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“Is the money that I withdrawal from my TSP in retirement all taxed as ordinary income or are the contributions that I made taxed as ordinary income and the earnings that I made taxed as capital gains?
Your Thrift Savings Plan (TSP) is a qualified retirement plan. That means the structure of the plan meets the requirements of the Internal Revenue Code Section 401. In meeting these requirements, the TSP is eligible to receive certain beneficial tax treatment.
The benefits of this tax treatment help the employer and the employee alike. During your working years, the TSP allows you to make annual contributions as part of an elected salary deferral option.
When you participate in the TSP and are actively making contributions you have two options as to how you want your contributions to be:
When you go to retire or want to draw money out of your TSP, tax planning will be a critical component to your overall financial plan.
Tax Planning is just as important when you go to retire as it is while you are working.
Too often we meet with Federal Employees who think their federal income taxes will be simplified in retirement; that they will not need to think about this particular aspect of their financial planning.
There are several types of Federal Income Tax; here are some of the most important for you as a Federal Employee to think about:
Ordinary Income Taxes range from 0% up to 37% contingent on the parameters that the Internal Revenue Service imposes year to year on income. Ordinary income taxes are what you pay on your wages as you earn them.
Tax-Deferred means that we are making pre-tax contributions. The monies elected to put into your TSP using the traditional, tax-deferred method means that those monies are not yet taxed. You are putting off paying taxes on those monies until you go to withdrawal them from the plan presumably when you stop working and anticipate your income to be lower.
By taking money out of the Tax-Deferred status it is taxed at your Ordinary Income Tax Rate.
You pay Capital Gains Taxes on the profit that you made from the sale of an investment. You may be familiar with having to pay taxes on any capital gains that you made from the sale of investments if you have an individual brokerage account.
Tax-Free sounds too good to be true but that is the beautiful component of the ROTH TSP. The ROTH TSP allows you to put post-tax contributions into the TSP. That means, you already paid ordinary income taxes on your contributions. Therefore, as long as you meet the requirements of the plan being open longer than 5 years and are older than age 59 1/2 you are eligible to make withdrawals from this account tax-free. This includes earnings.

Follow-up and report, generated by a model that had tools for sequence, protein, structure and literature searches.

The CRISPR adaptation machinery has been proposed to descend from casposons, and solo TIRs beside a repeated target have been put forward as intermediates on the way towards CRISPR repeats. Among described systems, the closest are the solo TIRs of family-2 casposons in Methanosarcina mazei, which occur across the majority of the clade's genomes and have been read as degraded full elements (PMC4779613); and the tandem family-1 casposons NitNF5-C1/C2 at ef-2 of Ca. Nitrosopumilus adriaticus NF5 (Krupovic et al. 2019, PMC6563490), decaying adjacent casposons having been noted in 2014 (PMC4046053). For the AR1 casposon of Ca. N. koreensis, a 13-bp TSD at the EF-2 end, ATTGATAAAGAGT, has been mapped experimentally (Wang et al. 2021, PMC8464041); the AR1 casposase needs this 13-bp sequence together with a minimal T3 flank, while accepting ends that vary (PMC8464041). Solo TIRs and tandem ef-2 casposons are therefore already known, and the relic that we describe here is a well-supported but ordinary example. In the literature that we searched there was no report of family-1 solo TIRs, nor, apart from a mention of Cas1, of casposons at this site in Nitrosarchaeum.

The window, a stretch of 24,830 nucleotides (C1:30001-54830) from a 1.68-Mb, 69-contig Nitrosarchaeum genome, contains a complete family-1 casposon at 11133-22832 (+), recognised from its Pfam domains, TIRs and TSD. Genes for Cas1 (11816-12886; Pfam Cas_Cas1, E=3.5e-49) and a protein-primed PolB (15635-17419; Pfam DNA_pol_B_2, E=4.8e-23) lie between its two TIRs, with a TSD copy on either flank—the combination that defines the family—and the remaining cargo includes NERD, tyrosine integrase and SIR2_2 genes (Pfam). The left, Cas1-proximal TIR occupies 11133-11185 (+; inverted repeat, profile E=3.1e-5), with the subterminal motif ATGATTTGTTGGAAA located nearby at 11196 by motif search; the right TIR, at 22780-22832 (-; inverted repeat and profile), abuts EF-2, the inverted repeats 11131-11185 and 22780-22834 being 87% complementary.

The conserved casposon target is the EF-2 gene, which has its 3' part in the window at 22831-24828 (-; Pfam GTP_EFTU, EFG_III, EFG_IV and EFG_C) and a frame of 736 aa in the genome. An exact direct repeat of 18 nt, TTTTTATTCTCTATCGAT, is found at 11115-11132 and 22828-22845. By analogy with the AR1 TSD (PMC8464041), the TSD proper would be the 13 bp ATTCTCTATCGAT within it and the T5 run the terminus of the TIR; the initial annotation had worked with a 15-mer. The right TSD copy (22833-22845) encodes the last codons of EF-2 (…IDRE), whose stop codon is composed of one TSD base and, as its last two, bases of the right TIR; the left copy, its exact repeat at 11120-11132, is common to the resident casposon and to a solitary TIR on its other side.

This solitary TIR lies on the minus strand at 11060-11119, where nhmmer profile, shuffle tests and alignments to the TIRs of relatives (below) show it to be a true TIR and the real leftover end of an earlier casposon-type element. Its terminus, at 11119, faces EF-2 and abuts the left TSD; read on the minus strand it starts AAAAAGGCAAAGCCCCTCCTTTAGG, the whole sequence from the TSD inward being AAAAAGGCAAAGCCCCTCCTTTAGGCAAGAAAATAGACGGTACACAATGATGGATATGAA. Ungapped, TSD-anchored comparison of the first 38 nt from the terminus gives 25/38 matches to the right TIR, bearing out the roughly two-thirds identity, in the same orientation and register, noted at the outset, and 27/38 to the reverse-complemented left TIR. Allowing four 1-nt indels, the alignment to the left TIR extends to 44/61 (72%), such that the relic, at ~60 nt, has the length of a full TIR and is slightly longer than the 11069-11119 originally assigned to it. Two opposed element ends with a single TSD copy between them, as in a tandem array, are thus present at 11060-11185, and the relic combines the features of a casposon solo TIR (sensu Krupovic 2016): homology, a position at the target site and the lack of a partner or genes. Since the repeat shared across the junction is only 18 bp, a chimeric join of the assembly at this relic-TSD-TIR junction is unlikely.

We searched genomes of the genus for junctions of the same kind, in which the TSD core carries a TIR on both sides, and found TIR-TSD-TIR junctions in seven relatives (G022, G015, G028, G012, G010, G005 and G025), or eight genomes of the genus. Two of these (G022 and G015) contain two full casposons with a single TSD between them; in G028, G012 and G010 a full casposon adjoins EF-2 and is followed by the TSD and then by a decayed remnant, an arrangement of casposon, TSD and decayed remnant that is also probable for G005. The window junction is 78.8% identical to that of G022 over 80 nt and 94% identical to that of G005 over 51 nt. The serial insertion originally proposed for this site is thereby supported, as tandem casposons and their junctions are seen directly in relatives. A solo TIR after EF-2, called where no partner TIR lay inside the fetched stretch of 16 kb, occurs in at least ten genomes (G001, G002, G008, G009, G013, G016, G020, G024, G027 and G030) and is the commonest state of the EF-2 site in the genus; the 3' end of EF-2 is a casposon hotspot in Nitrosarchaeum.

Now let’s answer Marvin’s question. Money withdrawn from the Tax-Deferred TSP account in retirement is taxed as Ordinary Income and not as Capital Gains.
When you elect to make contributions to the tax-deferred portion of the TSP, you are deferring paying ordinary income taxes until later when you withdrawal the monies.
When you elect to make contributions to the tax-free (ROTH) component of the TSP, you are choosing to pay taxes now. After you have met the plan requirements you will withdrawal the monies tax-free.
In Marvin’s case, he is putting money into the Tax-Deferred TSP. Therefore, when he goes to withdrawal those funds from the TSP, he will have to pay ordinary income taxes at his rate on the monies received.
Understanding the various tax buckets is critical to the longevity of your financial plan in retirement.
Make sure you take the time to plan how your withdrawals will work throughout your retirement from tax-deferred accounts.
As always, if you have questions about your Federal Employee Benefits let us know.
“Hello, I am a retired 58 yr old federal employee that retired after 34 years of service. My wife and I are looking at buying a trailer and horse camping
“Mr. Shilanski, Social Security Survivors Benefit question. I am under the FERS program and I plan to retire late this calendar year. I am 65 yrs old. I will have
I worked for the federal govt for 11 years. I was born in 1960 January. I was 56 at the time of separation. Need to know if postponement to a
At age 59 1/2, I would like to use a TSP one time withdrawal to pay off a mortgage then eventually transfer the balance to a IRA when I retire
Get the most out of your federal retirement benefits by taking advantage of the FERS resources created by Micah Shilanski, CFP®, and the team of independent financial advisors at Shilanski & Associates, Inc. Join the thousands of federal employees who trust us to guide them in their retirement planning journey because of our unique perspective of how your FERS benefits contribute to your comprehensive financial plan.
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